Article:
The authors declare no conflicts of interest.


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  • Sample Availability: Not Available.
Figure 1. A schematic representation of transporters in human intestine and liver for movement of drugs, botanical supplements and bile salts. Note: P-gp, P-glycoprotein; OATP, organic anion transporting polypeptide; BSEP, bile salt export pump; ABC, ATP-binding cassette; ASBT, apical sodium-dependent bile acid transporter; OST, organic solute transporter; MRP, multidrug resistance-associated protein; MDR, multidrug resistance protein; NTCP, sodium taurocholate cotransporting polypeptide; MATE: multidrug and toxin extruder; OCT, organic cation transporter; OAT, organic anion transporter; MCT, monocarboxylase transporter; HPT, human intestinal peptide-associated transporter; PEPT, peptide transporter.
Figure 1. A schematic representation of transporters in human intestine and liver for movement of drugs, botanical supplements and bile salts. Note: P-gp, P-glycoprotein; OATP, organic anion transporting polypeptide; BSEP, bile salt export pump; ABC, ATP-binding cassette; ASBT, apical sodium-dependent bile acid transporter; OST, organic solute transporter; MRP, multidrug resistance-associated protein; MDR, multidrug resistance protein; NTCP, sodium taurocholate cotransporting polypeptide; MATE: multidrug and toxin extruder; OCT, organic cation transporter; OAT, organic anion transporter; MCT, monocarboxylase transporter; HPT, human intestinal peptide-associated transporter; PEPT, peptide transporter.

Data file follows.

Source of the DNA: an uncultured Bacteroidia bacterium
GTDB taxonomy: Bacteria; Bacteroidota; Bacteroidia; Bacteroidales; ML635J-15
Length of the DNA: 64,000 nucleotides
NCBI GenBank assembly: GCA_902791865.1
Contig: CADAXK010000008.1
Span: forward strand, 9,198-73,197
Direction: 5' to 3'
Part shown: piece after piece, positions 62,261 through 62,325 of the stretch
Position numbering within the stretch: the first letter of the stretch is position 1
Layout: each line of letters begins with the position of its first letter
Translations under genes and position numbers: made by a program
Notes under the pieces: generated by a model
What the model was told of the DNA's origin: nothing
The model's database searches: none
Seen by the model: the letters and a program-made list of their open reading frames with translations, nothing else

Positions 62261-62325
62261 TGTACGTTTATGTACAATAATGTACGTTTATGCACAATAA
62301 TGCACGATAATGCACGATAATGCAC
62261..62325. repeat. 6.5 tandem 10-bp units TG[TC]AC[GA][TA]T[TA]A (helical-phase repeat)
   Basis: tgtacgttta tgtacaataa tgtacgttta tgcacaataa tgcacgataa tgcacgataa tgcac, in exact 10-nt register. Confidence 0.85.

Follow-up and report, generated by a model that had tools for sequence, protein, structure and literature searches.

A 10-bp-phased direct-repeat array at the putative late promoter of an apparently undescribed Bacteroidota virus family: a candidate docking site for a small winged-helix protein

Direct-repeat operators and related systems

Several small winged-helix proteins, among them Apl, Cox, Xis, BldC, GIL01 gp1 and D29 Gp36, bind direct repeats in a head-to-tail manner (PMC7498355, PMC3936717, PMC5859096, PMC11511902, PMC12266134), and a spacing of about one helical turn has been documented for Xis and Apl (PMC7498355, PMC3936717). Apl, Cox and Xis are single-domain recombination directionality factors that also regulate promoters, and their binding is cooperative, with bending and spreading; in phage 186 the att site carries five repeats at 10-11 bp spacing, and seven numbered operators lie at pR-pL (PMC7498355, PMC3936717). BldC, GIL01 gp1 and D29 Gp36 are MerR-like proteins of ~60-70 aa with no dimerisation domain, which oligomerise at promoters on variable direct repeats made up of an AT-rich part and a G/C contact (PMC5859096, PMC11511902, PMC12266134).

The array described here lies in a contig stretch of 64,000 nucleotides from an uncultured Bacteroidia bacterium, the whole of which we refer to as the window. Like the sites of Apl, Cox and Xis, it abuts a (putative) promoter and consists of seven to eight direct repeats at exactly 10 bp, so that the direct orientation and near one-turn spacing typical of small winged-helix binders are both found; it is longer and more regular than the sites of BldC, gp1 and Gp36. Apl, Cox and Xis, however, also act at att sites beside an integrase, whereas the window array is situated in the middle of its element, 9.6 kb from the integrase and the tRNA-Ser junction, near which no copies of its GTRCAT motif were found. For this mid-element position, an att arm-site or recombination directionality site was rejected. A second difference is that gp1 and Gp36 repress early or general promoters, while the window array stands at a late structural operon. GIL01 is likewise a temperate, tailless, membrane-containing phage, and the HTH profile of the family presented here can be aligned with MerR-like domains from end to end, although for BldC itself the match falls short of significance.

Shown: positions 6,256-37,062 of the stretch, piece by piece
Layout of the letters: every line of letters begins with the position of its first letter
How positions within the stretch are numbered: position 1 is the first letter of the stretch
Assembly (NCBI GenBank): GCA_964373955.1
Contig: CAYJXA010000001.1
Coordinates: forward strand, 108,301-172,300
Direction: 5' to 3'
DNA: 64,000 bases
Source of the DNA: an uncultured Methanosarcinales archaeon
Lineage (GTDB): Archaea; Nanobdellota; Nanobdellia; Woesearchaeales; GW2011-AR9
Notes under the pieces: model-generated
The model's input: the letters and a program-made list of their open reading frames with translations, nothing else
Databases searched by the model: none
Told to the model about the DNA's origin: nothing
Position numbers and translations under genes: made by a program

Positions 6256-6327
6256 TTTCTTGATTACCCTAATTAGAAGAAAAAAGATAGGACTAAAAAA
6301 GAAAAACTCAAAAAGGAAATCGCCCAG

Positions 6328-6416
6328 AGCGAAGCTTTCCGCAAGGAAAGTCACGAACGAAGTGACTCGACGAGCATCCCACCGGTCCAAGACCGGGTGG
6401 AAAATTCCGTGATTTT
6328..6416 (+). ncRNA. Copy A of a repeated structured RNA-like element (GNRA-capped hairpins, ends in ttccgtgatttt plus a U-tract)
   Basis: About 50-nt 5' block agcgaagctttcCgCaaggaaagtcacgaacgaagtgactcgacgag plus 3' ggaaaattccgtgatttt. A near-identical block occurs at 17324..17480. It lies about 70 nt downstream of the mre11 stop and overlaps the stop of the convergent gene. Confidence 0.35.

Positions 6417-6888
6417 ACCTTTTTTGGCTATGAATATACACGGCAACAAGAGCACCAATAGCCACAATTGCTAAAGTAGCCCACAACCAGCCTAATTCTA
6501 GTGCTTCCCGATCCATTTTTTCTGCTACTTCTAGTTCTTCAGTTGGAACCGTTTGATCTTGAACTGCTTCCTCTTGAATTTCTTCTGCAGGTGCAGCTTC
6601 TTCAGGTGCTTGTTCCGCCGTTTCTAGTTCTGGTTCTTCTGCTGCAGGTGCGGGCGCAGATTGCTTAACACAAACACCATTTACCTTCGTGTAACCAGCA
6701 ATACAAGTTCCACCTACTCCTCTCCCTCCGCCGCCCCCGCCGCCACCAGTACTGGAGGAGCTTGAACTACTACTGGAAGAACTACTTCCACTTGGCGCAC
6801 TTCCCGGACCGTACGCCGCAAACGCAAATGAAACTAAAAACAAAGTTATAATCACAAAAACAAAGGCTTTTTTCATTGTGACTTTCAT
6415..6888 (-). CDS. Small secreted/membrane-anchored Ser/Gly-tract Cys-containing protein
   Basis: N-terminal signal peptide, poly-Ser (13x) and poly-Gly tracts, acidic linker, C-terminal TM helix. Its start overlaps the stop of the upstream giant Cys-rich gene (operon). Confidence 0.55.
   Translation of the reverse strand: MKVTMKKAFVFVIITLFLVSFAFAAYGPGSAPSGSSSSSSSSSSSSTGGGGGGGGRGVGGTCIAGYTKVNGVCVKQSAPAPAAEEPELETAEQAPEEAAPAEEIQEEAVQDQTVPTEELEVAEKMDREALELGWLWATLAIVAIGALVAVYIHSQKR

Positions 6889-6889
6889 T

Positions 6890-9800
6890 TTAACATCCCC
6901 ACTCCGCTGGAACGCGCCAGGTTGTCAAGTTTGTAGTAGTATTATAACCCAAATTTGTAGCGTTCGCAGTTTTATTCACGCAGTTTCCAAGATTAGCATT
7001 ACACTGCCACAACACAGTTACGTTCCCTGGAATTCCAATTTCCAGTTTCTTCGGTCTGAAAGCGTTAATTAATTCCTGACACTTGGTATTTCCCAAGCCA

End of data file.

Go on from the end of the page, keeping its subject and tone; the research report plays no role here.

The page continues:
Molecules 22 01699 g001
Table 1. The selective in vitro studies revealing the role of various botanical supplements in the inhibition/induction of various transporters.
Table 1. The selective in vitro studies revealing the role of various botanical supplements in the inhibition/induction of various transporters.
TransporterBotanicals and Their EffectReferences
BCRPInhibitorCimicifuga racemosa extract[39]
Curcumin (Curcuma longa flavonoid)[40]
Kaempferol (Gingko biloba flavonoid)[41]
Naringenin (Grapefruit flavonoid)[41]
Genistein (Glycine max flavonoid)[42]
Silybum marianum extract[39]
MDR1InducerGarlic extract[43]
Grapefruit juice[44]
Hypericum perforatum extract[45]
Bodine (Peumus boldo flavonoid)[46]
Piperine (Piper nigrum flavonoid)[47]
Genistein (Glycine max flavonoid)[48]
InhibitorGarlic extract[49]
Tangeretin, nobiletin, rutin, allicin (Garlic flavonoid)[50,51,52]
epigallocatechin gallate, epicatechin gallate, quercetin (Camellia sinensis flavonoid)[53]
Curcumin (Curcuma longa flavonoid)[54]
Echinacea extract[55]
Glycyrrhetinic acid (Glycyrrhiza glabra flavonoid)[56]
Gingko biloba extract[57]
Hypericum perforatum extract[58]
Panax ginseng extract[59]
MRP1InhibitorGlycyrrhetinic acid (Glycyrrhiza glabra flavonoid)[56]
MRP2InducerGarlic extract[51]
Diallyl disulfide (Garlic flavonoid)[60]
Bodine (Peumus boldo flavonoid)[46]
Genistein (Glycine max flavonoid)[48]
InhibitorCurcumin (Curcuma longa flavonoid)[40]
Silybin A + silybin B (Silybum marianum flavonoids)[61]
OATP1A2InhibitorCamellia sinensis extract, epicatechin gallate, epigallocatechin gallate[62]
Grapefruit juice[44]
Orange juice[44]
OATP1B1InhibitorEpigallocatechin gallate, epicatechin gallate (Camellia sinensis flavonoid)[62]
Genistein (Glycine max flavonoid)[63]
Silybin A + silybin B (Silybum marianum flavonoids)[61]